This is the second of two blogs (yesterday and today)on this important topic. I hope you find it helpful.
The service provider’s policies on included services must be considered. The provider will likely have a basic services contract which lays out the services provided. Any services falling outside of the basic agreement will be an additional charge to the senior. It is imperative that the senior or the senior’s advocate has a clear understanding of the contract being entered into on the senior’s behalf, including who is obligated to pay for the services provided.
Another important consideration is the service provider’s policy regarding staff qualifications. For example, some providers have staff trained in handling patients with Alzheimer’s disease and other forms of dementia while others may not. It is important to find out what the facility’s training and education requirements are.
Another consideration is whether the service provider is a freestanding facility/entity or whether it is connected to another facility. For example, there are ALFs that are freestanding and ALFs that are associated with or somehow connected to an assisted living community and/or hospital. This is important in the event a patient can no longer live in an ALF environment and must transfer to a facility that provides more services or a more comprehensive level of care is required.
Finally, personal preferences should be considered in determining the proper placement for anyone requiring long term care. For example the aesthetic value of the facility, the proximity to his/her family and friends, familiarity with his/her surroundings, and the personalities of other residents and staff are all very important to consider in making a decision.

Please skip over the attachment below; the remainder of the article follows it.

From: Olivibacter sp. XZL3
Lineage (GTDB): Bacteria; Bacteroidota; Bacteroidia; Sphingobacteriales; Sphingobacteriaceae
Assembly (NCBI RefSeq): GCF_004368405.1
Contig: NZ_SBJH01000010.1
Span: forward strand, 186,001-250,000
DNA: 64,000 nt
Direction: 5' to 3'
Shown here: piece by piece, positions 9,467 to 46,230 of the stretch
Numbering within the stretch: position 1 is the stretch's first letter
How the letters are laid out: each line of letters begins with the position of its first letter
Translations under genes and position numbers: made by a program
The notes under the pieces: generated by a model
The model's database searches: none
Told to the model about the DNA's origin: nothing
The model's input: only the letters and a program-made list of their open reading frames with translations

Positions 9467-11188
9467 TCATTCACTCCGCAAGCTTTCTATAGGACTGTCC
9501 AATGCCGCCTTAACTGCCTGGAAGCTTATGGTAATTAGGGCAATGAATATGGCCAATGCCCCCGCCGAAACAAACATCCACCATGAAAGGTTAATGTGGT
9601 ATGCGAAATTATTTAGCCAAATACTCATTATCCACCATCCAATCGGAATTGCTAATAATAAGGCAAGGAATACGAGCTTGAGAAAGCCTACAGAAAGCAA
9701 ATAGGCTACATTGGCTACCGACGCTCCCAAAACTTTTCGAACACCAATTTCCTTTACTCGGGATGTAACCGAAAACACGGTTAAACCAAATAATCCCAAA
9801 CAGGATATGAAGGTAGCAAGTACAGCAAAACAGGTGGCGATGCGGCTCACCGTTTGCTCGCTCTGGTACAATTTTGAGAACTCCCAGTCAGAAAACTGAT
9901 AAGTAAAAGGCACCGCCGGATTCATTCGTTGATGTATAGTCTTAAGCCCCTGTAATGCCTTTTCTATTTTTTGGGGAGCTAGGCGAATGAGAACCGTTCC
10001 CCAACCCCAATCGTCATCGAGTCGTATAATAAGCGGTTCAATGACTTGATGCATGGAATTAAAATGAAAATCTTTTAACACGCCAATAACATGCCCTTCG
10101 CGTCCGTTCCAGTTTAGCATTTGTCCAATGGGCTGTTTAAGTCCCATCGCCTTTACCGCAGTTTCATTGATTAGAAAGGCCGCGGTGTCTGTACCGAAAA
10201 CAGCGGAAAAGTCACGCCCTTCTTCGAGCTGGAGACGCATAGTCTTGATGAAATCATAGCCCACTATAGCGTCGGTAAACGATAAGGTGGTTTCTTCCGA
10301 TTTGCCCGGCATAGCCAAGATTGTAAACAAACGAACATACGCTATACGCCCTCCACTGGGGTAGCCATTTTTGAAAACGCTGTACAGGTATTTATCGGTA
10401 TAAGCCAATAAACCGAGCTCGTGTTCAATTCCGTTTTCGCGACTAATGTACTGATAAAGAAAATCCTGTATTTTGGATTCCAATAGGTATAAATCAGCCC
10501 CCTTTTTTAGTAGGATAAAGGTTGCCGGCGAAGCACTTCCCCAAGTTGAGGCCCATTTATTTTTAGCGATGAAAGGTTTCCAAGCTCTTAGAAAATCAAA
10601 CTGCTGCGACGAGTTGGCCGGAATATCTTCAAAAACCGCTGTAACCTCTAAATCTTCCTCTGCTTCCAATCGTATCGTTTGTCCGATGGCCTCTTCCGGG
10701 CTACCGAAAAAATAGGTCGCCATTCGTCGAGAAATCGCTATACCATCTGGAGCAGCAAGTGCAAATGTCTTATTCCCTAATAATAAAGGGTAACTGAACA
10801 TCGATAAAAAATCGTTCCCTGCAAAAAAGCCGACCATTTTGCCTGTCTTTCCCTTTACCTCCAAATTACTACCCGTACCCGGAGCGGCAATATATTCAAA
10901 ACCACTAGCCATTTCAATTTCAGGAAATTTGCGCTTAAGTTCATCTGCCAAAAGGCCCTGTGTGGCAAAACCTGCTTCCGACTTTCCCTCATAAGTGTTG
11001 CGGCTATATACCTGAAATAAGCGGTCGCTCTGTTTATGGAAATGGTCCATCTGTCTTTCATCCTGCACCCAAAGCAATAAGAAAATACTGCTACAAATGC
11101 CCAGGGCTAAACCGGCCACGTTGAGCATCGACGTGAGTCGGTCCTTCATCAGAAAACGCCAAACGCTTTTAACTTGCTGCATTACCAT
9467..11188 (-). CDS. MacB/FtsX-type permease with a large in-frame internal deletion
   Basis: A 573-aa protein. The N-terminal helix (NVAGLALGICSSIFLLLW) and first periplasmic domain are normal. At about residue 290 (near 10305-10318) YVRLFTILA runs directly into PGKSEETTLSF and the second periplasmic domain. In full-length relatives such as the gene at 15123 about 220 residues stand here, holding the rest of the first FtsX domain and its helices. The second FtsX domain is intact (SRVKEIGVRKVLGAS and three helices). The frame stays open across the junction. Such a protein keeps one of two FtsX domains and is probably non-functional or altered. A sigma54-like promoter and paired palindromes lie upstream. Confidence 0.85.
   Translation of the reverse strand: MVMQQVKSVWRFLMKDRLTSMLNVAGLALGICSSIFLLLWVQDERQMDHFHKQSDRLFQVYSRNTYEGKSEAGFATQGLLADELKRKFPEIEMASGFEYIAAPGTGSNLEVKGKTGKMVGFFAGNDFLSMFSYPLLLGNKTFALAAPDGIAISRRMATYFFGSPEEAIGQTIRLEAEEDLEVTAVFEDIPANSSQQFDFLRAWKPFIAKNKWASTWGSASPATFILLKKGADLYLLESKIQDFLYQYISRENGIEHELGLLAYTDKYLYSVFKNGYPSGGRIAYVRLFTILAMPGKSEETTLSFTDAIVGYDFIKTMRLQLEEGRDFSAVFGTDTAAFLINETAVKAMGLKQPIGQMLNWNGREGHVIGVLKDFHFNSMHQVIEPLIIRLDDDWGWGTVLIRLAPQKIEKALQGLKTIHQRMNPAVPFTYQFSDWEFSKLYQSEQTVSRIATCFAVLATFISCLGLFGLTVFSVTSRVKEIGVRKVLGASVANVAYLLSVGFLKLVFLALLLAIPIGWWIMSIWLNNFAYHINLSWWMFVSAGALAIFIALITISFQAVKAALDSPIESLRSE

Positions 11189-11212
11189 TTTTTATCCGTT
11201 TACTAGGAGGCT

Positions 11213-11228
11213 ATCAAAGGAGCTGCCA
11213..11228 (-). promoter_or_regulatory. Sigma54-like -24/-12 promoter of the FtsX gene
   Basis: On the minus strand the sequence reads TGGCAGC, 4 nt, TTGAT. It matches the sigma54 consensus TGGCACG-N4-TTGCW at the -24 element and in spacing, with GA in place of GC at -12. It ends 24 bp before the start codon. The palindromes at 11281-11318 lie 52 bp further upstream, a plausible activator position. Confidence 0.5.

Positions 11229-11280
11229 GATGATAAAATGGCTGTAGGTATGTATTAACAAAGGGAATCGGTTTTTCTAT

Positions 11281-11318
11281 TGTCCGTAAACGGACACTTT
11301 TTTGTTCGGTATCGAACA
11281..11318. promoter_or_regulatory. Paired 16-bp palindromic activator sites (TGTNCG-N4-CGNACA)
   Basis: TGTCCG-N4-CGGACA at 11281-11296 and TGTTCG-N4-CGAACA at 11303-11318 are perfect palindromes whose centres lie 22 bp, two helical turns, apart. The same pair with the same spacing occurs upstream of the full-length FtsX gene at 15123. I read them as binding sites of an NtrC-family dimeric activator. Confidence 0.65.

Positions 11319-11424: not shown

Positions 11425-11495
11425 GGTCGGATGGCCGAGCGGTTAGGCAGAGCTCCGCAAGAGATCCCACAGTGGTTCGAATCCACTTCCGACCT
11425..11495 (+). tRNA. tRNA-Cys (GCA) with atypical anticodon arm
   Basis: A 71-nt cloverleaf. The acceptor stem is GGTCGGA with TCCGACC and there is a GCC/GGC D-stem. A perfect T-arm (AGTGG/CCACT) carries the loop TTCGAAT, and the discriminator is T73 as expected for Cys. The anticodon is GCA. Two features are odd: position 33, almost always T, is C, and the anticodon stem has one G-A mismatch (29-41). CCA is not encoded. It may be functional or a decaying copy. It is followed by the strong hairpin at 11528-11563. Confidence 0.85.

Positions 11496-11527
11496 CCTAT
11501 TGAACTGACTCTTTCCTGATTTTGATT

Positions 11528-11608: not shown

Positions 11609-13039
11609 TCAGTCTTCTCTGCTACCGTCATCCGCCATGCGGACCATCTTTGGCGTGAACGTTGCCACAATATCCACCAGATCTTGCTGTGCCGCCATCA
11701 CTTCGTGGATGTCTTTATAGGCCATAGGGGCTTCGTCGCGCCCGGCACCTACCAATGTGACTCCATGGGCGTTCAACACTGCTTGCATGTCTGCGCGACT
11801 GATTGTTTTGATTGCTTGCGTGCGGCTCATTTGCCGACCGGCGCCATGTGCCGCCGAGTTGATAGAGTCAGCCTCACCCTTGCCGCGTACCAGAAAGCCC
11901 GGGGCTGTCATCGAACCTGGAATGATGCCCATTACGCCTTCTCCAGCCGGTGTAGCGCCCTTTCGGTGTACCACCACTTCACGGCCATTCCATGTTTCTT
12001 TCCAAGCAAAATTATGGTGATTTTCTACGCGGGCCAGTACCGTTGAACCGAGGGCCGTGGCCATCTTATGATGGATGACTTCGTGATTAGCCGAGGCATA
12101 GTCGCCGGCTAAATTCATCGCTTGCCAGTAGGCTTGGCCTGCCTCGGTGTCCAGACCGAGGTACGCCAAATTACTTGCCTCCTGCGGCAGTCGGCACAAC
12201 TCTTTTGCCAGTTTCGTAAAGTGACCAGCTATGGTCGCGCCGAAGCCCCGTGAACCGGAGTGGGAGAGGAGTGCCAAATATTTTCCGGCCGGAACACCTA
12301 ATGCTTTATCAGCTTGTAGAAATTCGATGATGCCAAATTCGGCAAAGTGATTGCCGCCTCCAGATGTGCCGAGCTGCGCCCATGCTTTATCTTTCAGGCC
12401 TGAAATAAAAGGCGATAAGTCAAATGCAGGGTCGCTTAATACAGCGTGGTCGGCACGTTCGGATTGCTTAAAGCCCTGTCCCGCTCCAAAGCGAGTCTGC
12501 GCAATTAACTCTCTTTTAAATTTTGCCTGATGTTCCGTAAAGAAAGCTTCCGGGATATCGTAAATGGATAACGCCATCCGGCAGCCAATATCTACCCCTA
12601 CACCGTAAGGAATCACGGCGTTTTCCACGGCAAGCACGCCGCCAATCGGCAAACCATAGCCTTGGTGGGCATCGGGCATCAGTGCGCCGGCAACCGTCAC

It is important that the senior’s specific needs are considered in determining a proper placement. Preparing a list of questions to ask of residents and staff is one way to assist in making the right choice. Also, the senior and the senior’s loved ones should make their own list of necessary services to be provided and specific preferences desired. Financial, medical, social and spiritual needs must be considered as well as the senior’s personal preferences.
Determining the appropriate level and type of care is one of many challenges facing seniors and their loved ones. Other challenges include figuring out how to pay for the care, knowing what rights the senior has, understanding what Medicare will and won’t pay, and making sure that the right legal documents are in place to carry out the seniors’ wishes. We have helped numerous families overcome these challenges through proper legal planning and by taking a comprehensive look at each situation to determine the best course of action for the senior.
You can learn more about this topic as well as other strategies on our website under the tab entitled: elder law planning in Virginia. Be sure you also sign up for our complimentary e-newsletter so that you may be informed of all the latest issues that could affect you, your loved ones and your estate planning.